In 1979, singer Ozzy Osbourne - who had just been thrown out of Black Sabbath because of his drug abuse and unreliability - was in Los Angeles, attempting to form a new band, when Randy Rhoads (6 December 1956 – 19 March 1982), who had been playing with Quiet Riot, casually walked into the studio to audition with his Gibson Les Paul, and began to play. Osbourne, who was off his face, later explained his feelings: "He played this fucking solo and I'm like, am I that fucking stoned, or am I hallucinating, or what the fuck is this?!"
Whatever it was, he was so knocked out by Rhoads’ playing that he gave him the job on the spot. "I just turned up and did some riffs, and he said, ‘You've got the gig,’” Rhoads explained later.
This inauspicious encounter shortly led to the release of Blizzard of Ozz (1980), which went multi-platinum, and Diary of a Madman (1981), which spawned hit singles Over the Mountain and Flying High Again. This success was in no small part due to Rhoads’ innovative and distinctive guitar technique that combined classical with heavy metal influences, which have had an enormous impact on guitarists ever since.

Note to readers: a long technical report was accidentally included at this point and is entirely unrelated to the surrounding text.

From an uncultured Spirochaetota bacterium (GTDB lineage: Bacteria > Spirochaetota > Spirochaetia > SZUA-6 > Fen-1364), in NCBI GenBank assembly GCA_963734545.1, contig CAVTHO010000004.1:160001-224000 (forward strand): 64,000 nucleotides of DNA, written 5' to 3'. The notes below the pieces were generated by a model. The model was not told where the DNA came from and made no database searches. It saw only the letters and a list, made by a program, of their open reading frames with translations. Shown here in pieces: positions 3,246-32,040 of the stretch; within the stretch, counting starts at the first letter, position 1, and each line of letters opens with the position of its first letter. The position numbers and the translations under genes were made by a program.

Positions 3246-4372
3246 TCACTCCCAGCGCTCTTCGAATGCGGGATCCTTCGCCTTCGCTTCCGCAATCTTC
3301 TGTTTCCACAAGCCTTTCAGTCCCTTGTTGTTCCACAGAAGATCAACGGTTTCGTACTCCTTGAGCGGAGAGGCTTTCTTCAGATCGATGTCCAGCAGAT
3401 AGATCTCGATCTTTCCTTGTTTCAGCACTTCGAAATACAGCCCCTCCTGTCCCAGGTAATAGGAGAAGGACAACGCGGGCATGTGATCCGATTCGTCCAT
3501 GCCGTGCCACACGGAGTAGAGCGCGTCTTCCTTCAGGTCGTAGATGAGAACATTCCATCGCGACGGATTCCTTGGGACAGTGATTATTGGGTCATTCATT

Tragically, Rhoads played his last gig on 18 March 1982 at Knoxville Civic Coliseum in Tennessee, as the following day he was persuaded by tour bus driver and private pilot Andrew Aycock to fly with him in a single-engine Beechcraft F35 plane on a ‘joy ride’. The joy was short lived, however as Aycock, who had been up all night snorting cocaine, decided to buzz the tour bus to frighten the band members, including Osbourne, inside. However, on one of his passes the plane wing clipped the top of the bus and the pilot lost control, hit a pine tree and then crashed into a garage. In the fireball that followed, Rhoads’ body was burnt to a cinder, along with the two others on board. He was just 25 years old.
Here are Guitars Exchanges’ selection of the legendary guitarist’s most stunning solos:
10 Revelation (Mother Earth) - Blizzard of Ozz (1980)
Rhoads' classical background found early expression on Revelation (Mother Earth), the eighth track from Blizzard of Ozz, which combines a Beethoven-inspired section with a crazed Spanish-like solo. Rhoads takes possession of the song and shreds like a maniac, but also creates atmosphere and high drama thanks to his phrasing. “Heaven is for heroes, And hell is full of fools, Stupidity, no will to live, They're breaking God's own rules, Please let my mother live,” sings Osbourne, who co-wrote the track with Rhoads and Bob Daisley.